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New 96-layer 3D NAND flash memory is starting to roll out that can store more data per chip and potentially lower per-bit storage costs over 64- and 32-layer technologies.
Toshiba Memory America and Western Digital are sampling their 96-layer 3D NAND bit column stacked (BiCS) flash – formerly known as bit cost scalable – that can store four bits per cell. The capacity of a single quad-level cell (QLC) flash chip is 1.33 terabits (Tb), and a stacked 16-die package can store 2.66 terabytes (TB) of data.
Western Digital and Toshiba developed their proprietary 96-layer BiCS flash at their joint manufacturing facility in Yokkaichi, Japan. They expect to ramp up volume shipments of the 96-layer QLC 3D NAND chips later this year and eventually ship products designed for enterprise and consumer use cases requiring high-density data storage.
This week, Toshiba unveiled its first solid-state drive (SSD) based on the 96-layer, fourth-generation BiCS flash that can store three bits per cell, known as triple-level cell (TLC) flash. Toshiba’s new NVMe-based PCIe XG6 SSD primarily targets PCs, mobile computing, gaming applications and embedded systems but could also see limited use in data-center servers for boot, log and cache purposes.
The XG6 is a single-sided 22mm-by-80 mm M.2 SSD that offers capacity options up to 1 TB and is not hot swappable. Toshiba manufactures other SSDs designed to address a broad range of enterprise and data center use cases.
The XG6 has roughly 40% higher capacity per chip unit than its predecessor XG5 model, which uses 64-layer TLC 3D NAND BiCS flash. The XG6 also improves power efficiency, at 1.2 volt I/O; offers higher interface speeds, at 667 to 800 megatransfers per second; and slightly faster read and write speeds, according to Doug Wong, a senior member of the technical staff for Toshiba Memory America.
“As die density increases over time, that will improve the likelihood that pricing will improve as well,” said Grant Van Patten, product line manager for client, OEM and data center SSDs at Toshiba. “But I think the biggest impact the 96 layer really has long term is the density. In a data center, you can have fewer racks that do just as much work. So you start to get into some of those TCO arguments.”
Toshiba is shipping initial samples of its XG6 SSD to select OEM customers and plans to showcase the new drive at next month’s Flash Memory Summit in Santa Clara, California. Toshiba also plans to show off a packaged prototype that uses the 96-layer QLC 3D NAND BiCS flash technology.
Alternative to HDDs for cold storage
Scott Nelson, senior vice president of Toshiba’s memory business unit, predicted the 96-layer QLC 3D NAND technology will have an especially significant impact in the area of cold storage, where its higher density and lower cost per GB could be a “game changer in the industry.” He said certain types of data do not require the higher performance that TLC flash can provide.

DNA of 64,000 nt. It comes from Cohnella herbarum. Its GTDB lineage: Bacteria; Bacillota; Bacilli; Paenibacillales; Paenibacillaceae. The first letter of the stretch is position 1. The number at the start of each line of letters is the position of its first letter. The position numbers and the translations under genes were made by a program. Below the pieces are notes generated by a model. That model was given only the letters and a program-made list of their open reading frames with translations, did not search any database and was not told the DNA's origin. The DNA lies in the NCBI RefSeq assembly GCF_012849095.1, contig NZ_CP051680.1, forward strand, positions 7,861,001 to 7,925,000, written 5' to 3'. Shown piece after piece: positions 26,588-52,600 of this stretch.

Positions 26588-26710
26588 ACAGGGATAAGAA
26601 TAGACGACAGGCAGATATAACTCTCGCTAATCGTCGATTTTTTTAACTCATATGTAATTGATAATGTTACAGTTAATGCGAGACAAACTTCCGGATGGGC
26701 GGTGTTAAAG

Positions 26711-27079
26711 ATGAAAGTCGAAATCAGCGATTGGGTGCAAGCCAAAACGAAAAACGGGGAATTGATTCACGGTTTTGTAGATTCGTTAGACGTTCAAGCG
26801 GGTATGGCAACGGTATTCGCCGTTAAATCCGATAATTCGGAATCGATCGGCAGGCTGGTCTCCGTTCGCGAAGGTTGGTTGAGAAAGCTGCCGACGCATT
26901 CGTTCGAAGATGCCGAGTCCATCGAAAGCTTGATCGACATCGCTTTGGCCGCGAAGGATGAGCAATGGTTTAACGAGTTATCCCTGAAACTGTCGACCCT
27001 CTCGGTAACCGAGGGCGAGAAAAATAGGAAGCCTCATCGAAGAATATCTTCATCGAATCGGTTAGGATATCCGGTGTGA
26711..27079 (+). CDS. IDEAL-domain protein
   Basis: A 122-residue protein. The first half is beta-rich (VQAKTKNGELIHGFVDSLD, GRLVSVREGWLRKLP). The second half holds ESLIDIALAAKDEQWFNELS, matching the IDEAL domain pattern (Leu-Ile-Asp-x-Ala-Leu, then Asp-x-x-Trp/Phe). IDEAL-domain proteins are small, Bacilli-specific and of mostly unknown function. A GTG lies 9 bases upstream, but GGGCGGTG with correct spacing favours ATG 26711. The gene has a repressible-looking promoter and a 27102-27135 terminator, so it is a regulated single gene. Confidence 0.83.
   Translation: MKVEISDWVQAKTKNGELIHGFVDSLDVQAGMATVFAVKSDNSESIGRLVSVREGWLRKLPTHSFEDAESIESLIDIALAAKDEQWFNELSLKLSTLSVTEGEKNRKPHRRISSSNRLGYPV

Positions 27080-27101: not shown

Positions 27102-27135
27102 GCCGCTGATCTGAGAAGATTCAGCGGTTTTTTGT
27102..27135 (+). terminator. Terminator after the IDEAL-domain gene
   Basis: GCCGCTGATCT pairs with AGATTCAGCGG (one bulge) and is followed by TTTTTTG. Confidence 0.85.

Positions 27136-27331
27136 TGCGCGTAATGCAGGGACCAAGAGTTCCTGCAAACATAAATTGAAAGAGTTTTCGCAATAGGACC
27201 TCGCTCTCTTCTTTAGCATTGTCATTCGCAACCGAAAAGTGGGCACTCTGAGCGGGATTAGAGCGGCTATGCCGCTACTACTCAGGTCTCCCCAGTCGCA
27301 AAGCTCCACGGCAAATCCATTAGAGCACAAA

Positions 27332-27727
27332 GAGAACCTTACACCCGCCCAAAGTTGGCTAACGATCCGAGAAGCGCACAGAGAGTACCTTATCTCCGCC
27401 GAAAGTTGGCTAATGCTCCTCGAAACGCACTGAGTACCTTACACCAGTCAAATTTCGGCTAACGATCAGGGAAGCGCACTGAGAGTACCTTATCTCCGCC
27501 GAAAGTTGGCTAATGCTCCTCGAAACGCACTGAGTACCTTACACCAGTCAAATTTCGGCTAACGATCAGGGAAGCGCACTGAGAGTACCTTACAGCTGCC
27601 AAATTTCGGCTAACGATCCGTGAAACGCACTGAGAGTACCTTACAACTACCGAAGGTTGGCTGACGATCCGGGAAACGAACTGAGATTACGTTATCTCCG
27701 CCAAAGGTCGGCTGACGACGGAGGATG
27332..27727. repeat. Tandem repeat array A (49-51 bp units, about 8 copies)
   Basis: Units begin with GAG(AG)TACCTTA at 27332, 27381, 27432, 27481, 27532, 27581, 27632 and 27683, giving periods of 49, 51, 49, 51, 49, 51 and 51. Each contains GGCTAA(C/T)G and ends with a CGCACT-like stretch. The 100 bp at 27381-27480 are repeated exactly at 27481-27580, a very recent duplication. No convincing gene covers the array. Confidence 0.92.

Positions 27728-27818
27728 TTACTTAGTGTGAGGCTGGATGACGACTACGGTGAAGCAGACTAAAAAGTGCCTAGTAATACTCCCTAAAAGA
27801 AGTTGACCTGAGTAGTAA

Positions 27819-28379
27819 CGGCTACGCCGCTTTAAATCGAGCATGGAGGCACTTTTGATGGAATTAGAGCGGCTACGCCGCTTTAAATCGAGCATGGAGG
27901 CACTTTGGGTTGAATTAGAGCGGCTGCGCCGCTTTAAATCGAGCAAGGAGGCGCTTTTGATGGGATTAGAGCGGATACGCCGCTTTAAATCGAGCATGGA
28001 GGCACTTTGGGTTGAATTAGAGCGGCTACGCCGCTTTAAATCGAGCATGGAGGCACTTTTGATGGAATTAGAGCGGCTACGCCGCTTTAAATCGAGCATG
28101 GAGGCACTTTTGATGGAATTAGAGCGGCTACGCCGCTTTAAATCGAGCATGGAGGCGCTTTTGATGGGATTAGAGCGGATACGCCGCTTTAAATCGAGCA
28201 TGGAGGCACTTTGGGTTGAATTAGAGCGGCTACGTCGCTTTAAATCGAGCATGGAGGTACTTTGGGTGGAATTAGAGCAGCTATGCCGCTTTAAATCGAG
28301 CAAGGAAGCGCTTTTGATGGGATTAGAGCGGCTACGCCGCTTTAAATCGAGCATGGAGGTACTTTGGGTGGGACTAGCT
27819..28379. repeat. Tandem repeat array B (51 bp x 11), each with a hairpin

Data reads are about two to three times slower, and data writes, or programs, are about five times slower with QLC 3D NAND in comparison to TLC 3D NAND, according to Nelson.
“We’re going to see a migration from TLC to QLC. Now that’s not to say that QLC is going to replace TLC, because it will not. But there is a niche that QLC can fill,” Nelson said.
Nelson said 96-layer QLC 3D NAND could become a high-density alternative to cheaper hard disk drives (HDDs), providing faster access to cold storage.
The 96-layer QLC BiCS flash technology could account for 10% to 15% of Toshiba’s NAND chip shipments by 2019 or 2020, but 64-layer TLC 3D NAND will continue to dominate the market at that point, according to Nelson. He added that “long-tail demand” would also remain for lower density planar, or two-dimensional (2D), NAND flash. Nelson expects shipments of planar NAND based on floating gate technology to continue for the next three to five years, representing perhaps 10% of the market. Toshiba’s BiCS flash uses a charge trap memory cell.
NAND manufacturers moved from planar NAND to 3D NAND technology when they faced challenges scaling the technology. The cost of planar technology drops as the die size shrinks, and the price of 3D NAND technology falls with the addition of layers that increase the density of the chip.
Wong said the performance of TLC 3D NAND BiCS flash has been similar or better than 15-nanometer devices using planar multi-level cell (MLC), or two bits per cell, technology. He noted that Toshiba did research years ago on planar QLC NAND flash, but it didn’t make sense from a timing standpoint. He said it made more economical sense to do QLC with the BiCS flash technology because the cell size isn’t shrinking as fast and the inter-cell interference effect is lower. The 96-layer TLC and QLC 3D NAND use a similar architecture, but QLC requires stronger error correction code (ECC), Wong said.
Toshiba plans to begin shipping samples of its 96-layer QLC 3D NAND flash chips to SSD and SSD controller vendors in September. Nelson said he also expects demand from hyperscalers and tier 1 data centers that build their own SSDs.
Western Digital was unavailable for comment. The company said it is sampling the 96-layer QLC BiCS flash and expects volume shipments to start later this year, beginning with consumer products under the SanDisk brand. Western Digital eventually plans to use the QLC BiCS technology in a wide range of applications from retail to enterprise SSDs.